Lawyers like to collect ‘tombstones’, those little clear plastic miniatures of ads that usually proclaim that a major financing or corporate acquisition has occurred.  I have some of these but the one shown here, front and back, is a bit different. It announces the adoption and effectiveness of the Tax Code of the Republic of Kazakhstan.

A lot of credit for the successful negotiation and implementation of the 1994 Tax Code goes to the International Tax and Investment Center of Washington, D.C., and, in particular, to its head Dan Witt who had a knack and the endurance to work so effectively with the government’s team.

If you scan the list of ITIC members you will see the name of Faegre & Benson, the first paid-up member of ITIC in Kazakhstan.  In fact, the membership fee was paid personally by me. I assumed (rightly) that our management committee back in Minneapolis didn’t want me to spend firm money on, and to get personally involved in, a major pro bono tax project when we needed to concentrate on building up our legal practice.  My view was a bit different.  I had extensive tax experience in an international environment and thought I could make a positive contribution.  And involvement in the tax project certainly could help in marketing our services.

The drafting of a complete tax code is very challenging.  Previously, Kazakhstan had a large number of laws dealing with taxation but they had never been brought into a comprehensive code.  Many of those old laws did not reflect a unifying or overriding tax policy, and some of them granted special privileges in response to pressure from industrial or commercial groups.

It was clear from the outset of the drafting project that there would be a struggle to give birth to a real tax code that was comprehensive, fair, sufficiently detailed, and based on well understood tax policies.

One early problem was that competing draft tax codes were in circulation.  One was sponsored by the World Bank.  It was a “one size fits all” model.  All that was required was to fill in a few blanks, such as the country’s name, and then enact it into law.  That approach was rejected for various reasons:  it was utterly too basic and it was not adapted to the legal environment in Kazakhstan.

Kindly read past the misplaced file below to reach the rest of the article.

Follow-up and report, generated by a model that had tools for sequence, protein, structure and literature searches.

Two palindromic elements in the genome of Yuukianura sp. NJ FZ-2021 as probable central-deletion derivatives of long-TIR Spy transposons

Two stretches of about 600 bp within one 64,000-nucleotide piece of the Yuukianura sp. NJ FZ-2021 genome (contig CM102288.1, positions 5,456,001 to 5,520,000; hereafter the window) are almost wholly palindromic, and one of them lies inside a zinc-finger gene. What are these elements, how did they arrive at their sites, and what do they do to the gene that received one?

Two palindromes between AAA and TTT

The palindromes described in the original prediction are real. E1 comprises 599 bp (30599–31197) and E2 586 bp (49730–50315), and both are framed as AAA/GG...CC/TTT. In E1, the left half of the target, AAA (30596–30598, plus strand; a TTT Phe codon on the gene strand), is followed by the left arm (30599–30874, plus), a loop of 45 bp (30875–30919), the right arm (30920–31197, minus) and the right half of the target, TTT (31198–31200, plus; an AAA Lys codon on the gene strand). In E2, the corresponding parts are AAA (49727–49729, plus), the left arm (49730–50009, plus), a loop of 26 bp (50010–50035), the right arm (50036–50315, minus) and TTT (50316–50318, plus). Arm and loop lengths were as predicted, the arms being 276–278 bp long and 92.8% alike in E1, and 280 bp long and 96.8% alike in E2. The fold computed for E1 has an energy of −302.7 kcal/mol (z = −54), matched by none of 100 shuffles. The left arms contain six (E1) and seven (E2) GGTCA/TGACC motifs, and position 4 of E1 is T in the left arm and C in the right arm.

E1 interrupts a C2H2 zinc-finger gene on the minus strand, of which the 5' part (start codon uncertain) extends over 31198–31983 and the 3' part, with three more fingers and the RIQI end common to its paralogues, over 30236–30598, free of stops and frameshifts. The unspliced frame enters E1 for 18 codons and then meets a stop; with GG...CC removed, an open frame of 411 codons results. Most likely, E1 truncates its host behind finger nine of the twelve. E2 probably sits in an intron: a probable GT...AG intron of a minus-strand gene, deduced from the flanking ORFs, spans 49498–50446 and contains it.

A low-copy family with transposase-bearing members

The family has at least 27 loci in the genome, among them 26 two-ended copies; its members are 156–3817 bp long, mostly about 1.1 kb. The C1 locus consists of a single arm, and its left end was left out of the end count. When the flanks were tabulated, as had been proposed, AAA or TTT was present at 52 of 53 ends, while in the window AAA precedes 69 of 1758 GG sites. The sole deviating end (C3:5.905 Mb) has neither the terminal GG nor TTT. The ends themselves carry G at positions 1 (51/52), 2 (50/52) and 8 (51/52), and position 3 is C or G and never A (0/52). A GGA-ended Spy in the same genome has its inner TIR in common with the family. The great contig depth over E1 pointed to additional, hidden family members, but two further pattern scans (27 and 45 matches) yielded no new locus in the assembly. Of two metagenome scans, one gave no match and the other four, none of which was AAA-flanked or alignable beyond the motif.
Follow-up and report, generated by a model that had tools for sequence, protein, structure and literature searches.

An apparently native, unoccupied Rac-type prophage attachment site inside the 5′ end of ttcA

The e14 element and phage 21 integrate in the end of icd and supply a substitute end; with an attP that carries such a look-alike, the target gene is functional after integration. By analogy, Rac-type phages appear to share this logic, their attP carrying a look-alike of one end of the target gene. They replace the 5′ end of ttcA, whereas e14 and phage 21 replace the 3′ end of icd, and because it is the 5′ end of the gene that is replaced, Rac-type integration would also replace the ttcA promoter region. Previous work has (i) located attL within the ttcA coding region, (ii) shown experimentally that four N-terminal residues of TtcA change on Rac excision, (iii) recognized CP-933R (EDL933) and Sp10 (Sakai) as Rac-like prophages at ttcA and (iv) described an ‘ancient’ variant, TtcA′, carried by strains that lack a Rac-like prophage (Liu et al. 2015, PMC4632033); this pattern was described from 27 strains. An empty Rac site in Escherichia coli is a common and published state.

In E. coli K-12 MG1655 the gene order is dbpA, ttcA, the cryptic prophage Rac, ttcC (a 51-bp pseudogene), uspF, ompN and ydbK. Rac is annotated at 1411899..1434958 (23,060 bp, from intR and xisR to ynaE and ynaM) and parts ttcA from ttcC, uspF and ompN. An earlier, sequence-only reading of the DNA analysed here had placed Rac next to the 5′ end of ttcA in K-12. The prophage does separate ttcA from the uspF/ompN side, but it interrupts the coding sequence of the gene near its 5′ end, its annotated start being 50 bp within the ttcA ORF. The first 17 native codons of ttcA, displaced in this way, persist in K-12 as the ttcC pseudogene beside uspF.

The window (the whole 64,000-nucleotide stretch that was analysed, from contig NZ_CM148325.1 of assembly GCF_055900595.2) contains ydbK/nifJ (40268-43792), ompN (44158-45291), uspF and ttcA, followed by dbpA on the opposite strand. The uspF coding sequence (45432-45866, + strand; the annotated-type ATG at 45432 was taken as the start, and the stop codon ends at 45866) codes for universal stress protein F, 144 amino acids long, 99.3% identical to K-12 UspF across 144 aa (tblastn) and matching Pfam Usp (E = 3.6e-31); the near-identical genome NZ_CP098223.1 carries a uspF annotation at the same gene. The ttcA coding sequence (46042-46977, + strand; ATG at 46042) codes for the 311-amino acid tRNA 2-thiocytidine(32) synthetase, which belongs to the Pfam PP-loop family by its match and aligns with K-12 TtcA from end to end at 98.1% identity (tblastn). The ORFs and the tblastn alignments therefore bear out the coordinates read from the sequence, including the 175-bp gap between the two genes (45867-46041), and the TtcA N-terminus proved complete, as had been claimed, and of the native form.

Another proposed tax code was put forward by the Association of Entrepreneurs.  This was rejected more quickly than the World Bank’s model.  My view was that the Entrepreneurs’ draft code was similar to what you would expect if you asked prisoners to write the penal code: the starting point was so favorable to business that there was little hope of negotiating it back to neutral.  It was also light on detail.

My hope for the 1994 Tax Code was that it would have a long life even if it were to be very heavily amended in future years.  Unfortunately, that was not the case – by 2002 there was a new Tax Code and this too gave way to yet another Tax Code in 2009.  With regard to company law, I had had the same hope.  Investors – local as well as foreign – were interested in legislative stability as much as political stability.  Whether we are talking about taxes or company law, Kazakhstan has suffered from ‘legislationitis’.  Rather than perfecting an existing law or code to which the public and the bureaucracy has become accustomed, there seems to be an overpowering attraction to starting again virtually from scratch.


Book Sales:  I am still helping with the marketing of my book, West Meets East in Kazakhstan.   It’s about life in and around Almaty in the 1990s from the perspective of an American expatriate.  You will enjoy it!  The book is available online in softcover or e-book format from AuthorHouse (the publisher), or Amazon or Barnes & Noble.

Website:  My blog posts go out on Facebook and sometimes on LinkedIn.  If you’d like to see them again or check for posts you might have missed, go directly to my website: viewkazakhstan.com




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